Yet, Wellerstein can only guess why President Roosevelt ordered so much secrecy from the project’s inauspicious start. Harry Truman, his last vice president, who had investigated rumors of the secret project as a member of Congress, did not even learn about the atomic bomb until 12 days after becoming president (Joseph Stalin and Soviet scientists already knew more than he did, owing to espionage). One executive prerogative, almost certainly, was money. Congress would have never earmarked funds for an untested weapon based in nuclear physics, especially one that ultimately cost $2 billion. Secret funding helped ensure that no one would be accountable, yet, for the result.
Secrecy also had one by-product that the military appreciated — terror. Groves and the military had always intended to reveal the greatest secret about their endeavor, the atomic bomb itself, but they had wanted to garner the most bang for their pluck. If the weapon were a surprise, it could frighten the enemy into submission.
When President Truman announced the destruction of Hiroshima, many hours after the detonation of Little Boy, he disclosed the locations of the secret installations that had made this terrible weapon. He even discussed the scale of the industry and labor involved. Even so, he insisted, there were secrets to maintain. The United States would not, he assured listeners, “divulge the technical processes of production or all the military applications, pending further examination of possible methods of protecting us and the rest of the world from the danger of sudden destruction.”
Days later, however, General Groves authorized the publication of a report about these processes, written by Henry DeWolf Smyth. The Smyth Report, which was released so quickly that printers forgot to stamp its no-longer-secret title on the cover, would largely credit physicists for the project’s success. The physics of the atomic bomb had become so insignificant to its remaining secrets that Smyth could tout their contributions.
General Groves was so proud of his secrecy regime during the war that military intelligence reprimanded him for boasting of it afterward, fearing he might draw further attention to the nation’s guile. Groves did not yet know the extent of espionage during the war, so he believed that his strict regime was critical to the project’s success and should remain in place. Secrecy about fission and the bomb were thus the first links in the chain reaction that exploded into the modern security state.
After the war, J. Robert Oppenheimer and other notable physicists relished their proximity to power. The perks included access to secrets inside the safes, police escorts, and boozy trips to Washington. But those who fretted the long term, including Oppenheimer, also believed that the only real security was an end to secrecy. They imagined a diplomacy based on the ideals of science, a free and open exchange of ideas in the interest of goodwill. The secrets of the bomb, they knew, were largely feats of engineering. Other nations need only acquire uranium and emulate the Americans in devoting their resources to a project. The US military and most politicians thought scientists naïve. They favored total secrecy. And Groves had already begun hoarding uranium to ensure an American monopoly.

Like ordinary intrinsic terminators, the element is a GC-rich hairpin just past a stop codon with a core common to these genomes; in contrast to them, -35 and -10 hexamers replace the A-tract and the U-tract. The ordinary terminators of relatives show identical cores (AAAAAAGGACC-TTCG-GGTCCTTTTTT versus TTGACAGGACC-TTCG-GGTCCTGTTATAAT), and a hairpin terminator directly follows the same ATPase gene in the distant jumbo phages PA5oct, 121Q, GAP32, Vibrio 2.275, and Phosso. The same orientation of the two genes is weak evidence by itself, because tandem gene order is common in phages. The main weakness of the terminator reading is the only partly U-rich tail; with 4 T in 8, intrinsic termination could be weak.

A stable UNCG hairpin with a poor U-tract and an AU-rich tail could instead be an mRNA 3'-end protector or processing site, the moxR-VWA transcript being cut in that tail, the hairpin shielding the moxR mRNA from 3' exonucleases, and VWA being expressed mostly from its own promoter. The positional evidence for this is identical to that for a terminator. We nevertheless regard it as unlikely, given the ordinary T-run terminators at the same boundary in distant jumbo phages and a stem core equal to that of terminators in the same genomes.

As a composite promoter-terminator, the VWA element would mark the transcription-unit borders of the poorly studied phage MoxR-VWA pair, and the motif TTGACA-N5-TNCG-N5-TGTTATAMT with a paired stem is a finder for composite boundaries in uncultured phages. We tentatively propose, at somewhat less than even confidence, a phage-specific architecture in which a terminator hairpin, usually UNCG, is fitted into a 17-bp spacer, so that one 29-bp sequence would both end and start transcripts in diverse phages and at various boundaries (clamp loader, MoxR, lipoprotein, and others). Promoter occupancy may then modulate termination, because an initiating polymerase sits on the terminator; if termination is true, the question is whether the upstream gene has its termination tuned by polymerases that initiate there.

Wellerstein writes: “The postwar system attempted to have everything both ways. Science needed to be open, but the bomb needed to be contained.” Physicists organized and even lobbied against the first legislation that would have retained military control over nuclear energy. They advocated, instead, for civilian control and what would become the Atomic Energy Commission.
Although near to power, physicists did not know how to wield it. Where the archive ends, Wellerstein engages in some credible speculation as to how they were outmaneuvered. While Congress was debating how to regulate the nucleus, General Groves likely revealed that spies had tried to infiltrate the Manhattan Project. He then reinforced the importance of secrets and restrictions, although the possible espionage had happened under his watch. The Atomic Energy Act that Congress passed would thus resemble the earlier legislation that physicists had fought. It even defined a new class of secrets — restricted data — and severe punishments for revealing them. All information about nuclear weapons, as historians have noted, was henceforth “born secret.”